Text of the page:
US consumer prices in Nov rise at fastest annual pace in almost 40 yrs

in November rose at the fastest annual pace in almost 40 years, increasing pressure on the Federal Reserve to tighten monetary policy, the Labour Department reported.

The consumer price index (CPI) last month rose 0.8 per cent from the previous month and 6.8 per cent from a year earlier, the largest 12-month increase since the period ending June 1982, Xinhua news agency quoted the Department as saying on Friday.

The so-called core CPI that excludes food and energy costs rose 4.9 per cent over the last 12 months, while the energy index rose 33.3 per cent over the last year and the food index increased 6.1 per cent, according to the Department.

The Fed has pledged to keep the federal funds rate unchanged at the record-low level of near zero since the start of the pandemic.

Meanwhile, the central bank began last month to reduce its monthly asset purchase program of $120 billion by $15 billion.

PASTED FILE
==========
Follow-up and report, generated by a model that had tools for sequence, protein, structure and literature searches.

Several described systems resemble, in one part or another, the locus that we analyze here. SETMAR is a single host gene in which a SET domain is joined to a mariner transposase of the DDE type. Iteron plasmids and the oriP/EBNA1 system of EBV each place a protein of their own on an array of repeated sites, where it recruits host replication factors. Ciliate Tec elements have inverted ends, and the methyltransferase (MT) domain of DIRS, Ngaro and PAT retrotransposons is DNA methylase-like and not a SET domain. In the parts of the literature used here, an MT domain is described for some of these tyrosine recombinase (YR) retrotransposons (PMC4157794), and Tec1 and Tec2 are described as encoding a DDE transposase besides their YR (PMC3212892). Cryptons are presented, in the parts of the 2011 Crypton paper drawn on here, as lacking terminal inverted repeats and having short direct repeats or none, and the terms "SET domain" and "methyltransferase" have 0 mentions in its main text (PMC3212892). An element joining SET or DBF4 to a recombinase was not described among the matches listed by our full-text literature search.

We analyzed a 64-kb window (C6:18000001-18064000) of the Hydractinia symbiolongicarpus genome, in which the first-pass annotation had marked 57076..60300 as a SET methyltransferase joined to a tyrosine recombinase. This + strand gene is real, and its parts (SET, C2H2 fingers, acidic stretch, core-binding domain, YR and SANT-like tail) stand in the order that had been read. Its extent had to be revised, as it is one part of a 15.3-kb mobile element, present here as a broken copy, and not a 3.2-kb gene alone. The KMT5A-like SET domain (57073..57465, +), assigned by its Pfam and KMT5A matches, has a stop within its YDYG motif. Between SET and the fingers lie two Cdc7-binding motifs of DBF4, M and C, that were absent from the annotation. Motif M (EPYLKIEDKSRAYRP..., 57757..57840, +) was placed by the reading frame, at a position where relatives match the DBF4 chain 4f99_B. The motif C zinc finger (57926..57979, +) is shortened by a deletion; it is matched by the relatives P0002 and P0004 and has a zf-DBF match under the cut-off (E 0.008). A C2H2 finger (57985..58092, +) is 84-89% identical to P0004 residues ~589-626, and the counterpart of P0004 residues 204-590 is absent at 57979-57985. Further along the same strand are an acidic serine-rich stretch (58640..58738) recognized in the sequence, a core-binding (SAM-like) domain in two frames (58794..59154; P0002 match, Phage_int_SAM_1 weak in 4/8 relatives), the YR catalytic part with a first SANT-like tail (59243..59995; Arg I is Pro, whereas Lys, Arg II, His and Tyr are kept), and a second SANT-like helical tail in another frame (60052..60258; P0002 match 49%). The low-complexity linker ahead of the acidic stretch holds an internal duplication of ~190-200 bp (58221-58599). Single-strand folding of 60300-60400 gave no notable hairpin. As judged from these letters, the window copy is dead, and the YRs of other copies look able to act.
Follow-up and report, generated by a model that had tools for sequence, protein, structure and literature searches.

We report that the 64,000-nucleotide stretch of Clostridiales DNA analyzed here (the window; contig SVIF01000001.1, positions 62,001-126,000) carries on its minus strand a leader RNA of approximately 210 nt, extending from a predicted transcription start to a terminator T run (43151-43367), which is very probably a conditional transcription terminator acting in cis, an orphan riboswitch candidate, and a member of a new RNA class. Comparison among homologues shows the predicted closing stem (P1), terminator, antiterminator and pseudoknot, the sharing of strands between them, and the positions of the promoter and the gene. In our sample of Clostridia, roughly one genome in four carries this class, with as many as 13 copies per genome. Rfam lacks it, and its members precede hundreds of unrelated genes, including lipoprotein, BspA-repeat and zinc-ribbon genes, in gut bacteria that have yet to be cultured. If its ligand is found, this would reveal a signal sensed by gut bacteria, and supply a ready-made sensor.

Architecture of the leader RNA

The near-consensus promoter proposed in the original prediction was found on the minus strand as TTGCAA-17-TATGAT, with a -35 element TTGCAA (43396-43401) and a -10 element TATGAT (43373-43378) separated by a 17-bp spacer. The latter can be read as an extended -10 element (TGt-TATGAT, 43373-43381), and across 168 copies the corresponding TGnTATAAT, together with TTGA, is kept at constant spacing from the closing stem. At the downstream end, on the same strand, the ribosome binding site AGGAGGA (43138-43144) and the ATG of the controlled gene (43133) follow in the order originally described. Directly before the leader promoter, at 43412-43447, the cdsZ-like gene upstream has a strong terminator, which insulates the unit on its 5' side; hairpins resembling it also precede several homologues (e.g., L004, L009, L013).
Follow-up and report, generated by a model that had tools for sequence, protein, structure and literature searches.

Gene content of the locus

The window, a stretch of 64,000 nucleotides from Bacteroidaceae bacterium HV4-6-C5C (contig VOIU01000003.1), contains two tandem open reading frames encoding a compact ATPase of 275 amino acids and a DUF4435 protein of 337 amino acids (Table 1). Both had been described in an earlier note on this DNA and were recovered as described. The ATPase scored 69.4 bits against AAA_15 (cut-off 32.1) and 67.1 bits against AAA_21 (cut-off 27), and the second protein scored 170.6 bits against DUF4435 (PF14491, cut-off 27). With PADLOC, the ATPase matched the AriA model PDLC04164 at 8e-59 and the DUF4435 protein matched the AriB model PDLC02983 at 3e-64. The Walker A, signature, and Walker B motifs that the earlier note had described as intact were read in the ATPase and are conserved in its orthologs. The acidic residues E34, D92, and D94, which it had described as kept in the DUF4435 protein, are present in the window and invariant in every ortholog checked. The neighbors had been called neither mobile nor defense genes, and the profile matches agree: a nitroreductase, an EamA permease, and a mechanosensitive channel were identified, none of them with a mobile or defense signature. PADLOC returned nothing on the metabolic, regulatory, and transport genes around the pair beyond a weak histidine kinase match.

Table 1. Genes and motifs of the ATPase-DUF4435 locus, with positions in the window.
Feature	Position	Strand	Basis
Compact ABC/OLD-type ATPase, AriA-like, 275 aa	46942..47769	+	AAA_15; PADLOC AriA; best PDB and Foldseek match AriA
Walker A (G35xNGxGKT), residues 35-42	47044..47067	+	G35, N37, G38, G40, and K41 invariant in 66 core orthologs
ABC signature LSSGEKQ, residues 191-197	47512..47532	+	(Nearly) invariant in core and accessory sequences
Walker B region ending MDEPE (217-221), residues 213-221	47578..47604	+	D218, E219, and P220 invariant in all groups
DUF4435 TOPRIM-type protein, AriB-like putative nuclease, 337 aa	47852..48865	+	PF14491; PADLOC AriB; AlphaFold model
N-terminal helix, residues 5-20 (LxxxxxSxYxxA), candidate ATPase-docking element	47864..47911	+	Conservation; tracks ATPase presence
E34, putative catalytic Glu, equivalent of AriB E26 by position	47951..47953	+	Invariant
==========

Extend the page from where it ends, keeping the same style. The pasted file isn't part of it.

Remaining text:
At this pace, the Fed would end its asset purchases by June next year.

But some Fed officials and economists have urged the central bank to accelerate the pace of tapering to give more leeway to raise rates sooner amid inflation pressures.




(Only the headline and picture of this report may have been reworked by the Business Standard staff; the rest of the content is auto-generated from a syndicated feed.)

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